In fact, it is nearly impossible for the expert to imagine the mindset of a beginner. Which is why horrible teachers and communicators abound.
A person in possession of full knowledge of a subject sees the entire landscape of his understanding. But he can rarely pass on that understanding in a consistently effective way using simple, jargon-free language that anticipates the inevitable problems that beginners will experience.
The curse of knowledge can afflict individuals and entire organizations. How else to explain multi-billion dollar corporations that release user manuals that are poorly written and rammed full of assumptions? Poor documentation for products costs companies countless millions of dollars in customer support every year and results in customers seeing those products in a negative light. When a customer looks at a user manual that is confusing, he immediately assumes that the product is confusing as well.
The Tune is Already Playing in Your Head
In the book Made to Stick, the authors describe a psychology experiment that perfectly illustrates the curse of knowledge. In the experiment, participants were assigned as either "tappers" or "listeners." The tappers were given a list of well-known songs and asked to tap out the song on the edge of a table using only their fingers.
The listeners were asked to guess what songs were being tapped. The tappers predicted that the listeners would easily be able to name the songs that were being tapped. But in most cases, not surprisingly, the listeners couldn't correctly indicate what songs were being tapped.
This demonstrates another important characteristic of the curse of knowledge: we overestimate our ability to pass on information in an effective way. We gloss over ideas we think are simplistic but really aren't. We want to get to what we feel is the meat of the subject—that which actually interests us most, as relative experts—long after we have mastered the basics which are still a mystery to beginners.
So this experiment is a perfect example of the curse of knowledge and highlights its two main features: 1) we can't empathize with beginners when we are experts, and 2) we assume that our expertise in a subject somehow imbues us with an innate ability to teach others about that subject.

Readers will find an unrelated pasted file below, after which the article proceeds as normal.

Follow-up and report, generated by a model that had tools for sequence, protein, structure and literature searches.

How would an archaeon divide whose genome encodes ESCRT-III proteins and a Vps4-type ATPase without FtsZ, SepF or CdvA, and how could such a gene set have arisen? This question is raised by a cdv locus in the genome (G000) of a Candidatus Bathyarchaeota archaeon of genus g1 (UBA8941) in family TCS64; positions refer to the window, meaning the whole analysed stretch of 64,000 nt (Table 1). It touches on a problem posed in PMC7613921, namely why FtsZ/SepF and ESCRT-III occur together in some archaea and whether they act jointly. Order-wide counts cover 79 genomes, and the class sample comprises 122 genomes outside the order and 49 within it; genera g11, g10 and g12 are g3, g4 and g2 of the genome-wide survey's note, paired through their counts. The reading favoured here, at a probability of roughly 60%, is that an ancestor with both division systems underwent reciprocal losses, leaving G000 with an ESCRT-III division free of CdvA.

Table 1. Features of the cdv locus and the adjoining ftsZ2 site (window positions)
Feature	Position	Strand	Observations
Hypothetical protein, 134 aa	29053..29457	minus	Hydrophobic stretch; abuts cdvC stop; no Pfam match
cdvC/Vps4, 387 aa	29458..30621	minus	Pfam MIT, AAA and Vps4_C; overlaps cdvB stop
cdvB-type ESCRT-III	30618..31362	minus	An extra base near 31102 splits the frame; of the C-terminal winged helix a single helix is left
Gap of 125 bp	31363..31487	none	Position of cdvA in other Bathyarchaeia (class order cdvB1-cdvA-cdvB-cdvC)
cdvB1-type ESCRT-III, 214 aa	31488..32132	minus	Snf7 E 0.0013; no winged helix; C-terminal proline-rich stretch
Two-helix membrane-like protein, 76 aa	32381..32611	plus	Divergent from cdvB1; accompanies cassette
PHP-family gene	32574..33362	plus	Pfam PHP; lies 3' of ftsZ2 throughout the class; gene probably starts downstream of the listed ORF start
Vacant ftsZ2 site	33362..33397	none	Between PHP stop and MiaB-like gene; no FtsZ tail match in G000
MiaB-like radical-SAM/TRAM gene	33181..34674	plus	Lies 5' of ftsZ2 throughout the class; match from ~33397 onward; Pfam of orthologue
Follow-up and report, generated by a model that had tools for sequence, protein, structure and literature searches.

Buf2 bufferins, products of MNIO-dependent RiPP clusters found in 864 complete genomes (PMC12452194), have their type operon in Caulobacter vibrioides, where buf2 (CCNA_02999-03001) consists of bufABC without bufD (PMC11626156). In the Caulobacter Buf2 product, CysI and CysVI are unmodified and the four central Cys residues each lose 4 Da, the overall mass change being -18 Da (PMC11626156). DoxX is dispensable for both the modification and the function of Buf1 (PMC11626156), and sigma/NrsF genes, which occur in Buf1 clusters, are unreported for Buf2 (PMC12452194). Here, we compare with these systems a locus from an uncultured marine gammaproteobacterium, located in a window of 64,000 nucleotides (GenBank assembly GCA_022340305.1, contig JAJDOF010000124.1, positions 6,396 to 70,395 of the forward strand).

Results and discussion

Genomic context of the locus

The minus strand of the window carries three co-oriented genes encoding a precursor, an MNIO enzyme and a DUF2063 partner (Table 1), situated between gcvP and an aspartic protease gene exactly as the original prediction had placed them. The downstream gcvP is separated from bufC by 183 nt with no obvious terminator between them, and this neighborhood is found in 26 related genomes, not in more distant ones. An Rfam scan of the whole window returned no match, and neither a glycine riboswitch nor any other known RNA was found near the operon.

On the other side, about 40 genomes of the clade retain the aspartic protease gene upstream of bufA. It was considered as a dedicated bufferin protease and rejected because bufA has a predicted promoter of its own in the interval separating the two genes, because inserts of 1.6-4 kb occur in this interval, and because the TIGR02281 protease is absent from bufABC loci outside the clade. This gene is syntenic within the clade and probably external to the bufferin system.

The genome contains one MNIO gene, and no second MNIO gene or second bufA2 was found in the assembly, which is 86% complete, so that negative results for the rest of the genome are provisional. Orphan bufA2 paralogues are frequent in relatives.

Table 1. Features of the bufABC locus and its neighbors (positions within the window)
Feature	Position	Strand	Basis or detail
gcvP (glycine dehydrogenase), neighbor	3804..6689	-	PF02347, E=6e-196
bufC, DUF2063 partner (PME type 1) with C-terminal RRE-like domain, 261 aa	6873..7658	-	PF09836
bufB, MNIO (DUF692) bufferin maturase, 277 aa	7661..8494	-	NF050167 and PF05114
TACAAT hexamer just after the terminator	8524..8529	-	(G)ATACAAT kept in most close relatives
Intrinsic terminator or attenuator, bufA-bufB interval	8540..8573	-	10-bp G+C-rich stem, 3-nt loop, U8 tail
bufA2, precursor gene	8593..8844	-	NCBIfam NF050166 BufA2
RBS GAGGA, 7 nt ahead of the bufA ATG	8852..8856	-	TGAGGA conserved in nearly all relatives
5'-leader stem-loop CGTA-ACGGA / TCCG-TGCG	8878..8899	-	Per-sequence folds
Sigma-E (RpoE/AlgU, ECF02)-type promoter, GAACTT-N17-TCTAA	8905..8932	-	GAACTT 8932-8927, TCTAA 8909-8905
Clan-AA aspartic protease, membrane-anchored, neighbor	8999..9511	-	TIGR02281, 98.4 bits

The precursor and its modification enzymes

The experiment also provides a perfect tag line that sums up the curse of knowledge and can be a strong reminder of it when you are in a teaching situation: remember that the tune is already playing in your head.
The Curse of Knowledge Has a Sister
Inherent in the curse of knowledge is another closely related concept: rankism. The list of things that humans use to compare themselves favourably to others is exhaustive: income, appearance, education level, choice of products, which sports team they support, musical tastes and on and on.
In fact, I challenge you to go through a single day with this idea in mind and marvel at just how many utterances contain some form of rankism. It's inescapable. And I don't mean to suggest that this is some sinister habit—though often it can be in its most extreme form.
Having knowledge that others don't have is one of the most common ways that people use to elevate themselves. Am I suggesting that a teacher in the classroom can actually feel a sense of superiority over his students for understanding material that his students can't instantly grasp? Yes, absolutely!
I do believe that this "knowledge rankism" negatively affects many teachers. In one of the most cringe-worthy spectacles I have ever witnessed, a young woman conducting a teaching demonstration unloaded on one of her fellow classmates (he was one of the "students" for the purpose of the demonstration) for daring not to instantly understand a point she was trying to make. She eventually raised her voice and said, "how can you not understand this?"
Usually it not as brazen as that, but knowledge rankism in the classroom can take other forms. Many times it will come to the surface in body language or facial expressions that say, "how can you be so stupid?" Often, teachers favour students who pick up on new information faster. Recognizing different levels of students is normal, and better students can help to facilitate learning for weaker students. But when this two-tiered treatment is obvious to students, it can be toxic.
Extreme Knowledge Rankism
If there is some kind of viscerally positive feeling that people get from having one up on others through superior knowledge, does this suggest that a teacher would try to maintain that state of affairs by sabotaging the learning process? No—regardless of how this often subconscious behaviour affects a teacher, to take things to such an extreme would suggest a psychopath or at least someone who doesn't want to remain a teacher much longer.
Of course, the best teachers, whether or not they are conscious of these notions, instinctively engage in just the opposite kinds of behaviour.
How to Avoid the Curse of Knowledge
One way to avoid the curse of knowledge and knowledge rankism in the classroom is to give the appropriate amount of time to all topics, even ones you may have previously classified as "easy" or "simple." In fact, avoid designators like that altogether.
When a student hears that something is easy but subsequently has trouble with it, her confidence can be negatively affected. She sees others catching on quickly and starts to question her own learning ability. If this happens to her often enough, the mere mention of a supposedly simple idea can make her brace for the worst.
The curse of knowledge and knowledge rankism can combine to create a frustrating and unproductive situation in the classroom. Being aware of them can help you to analyze your actions while teaching, better structure your lessons, and empathize with students.
More About the Curse of Knowledge
I also write about the curse of knowledge here.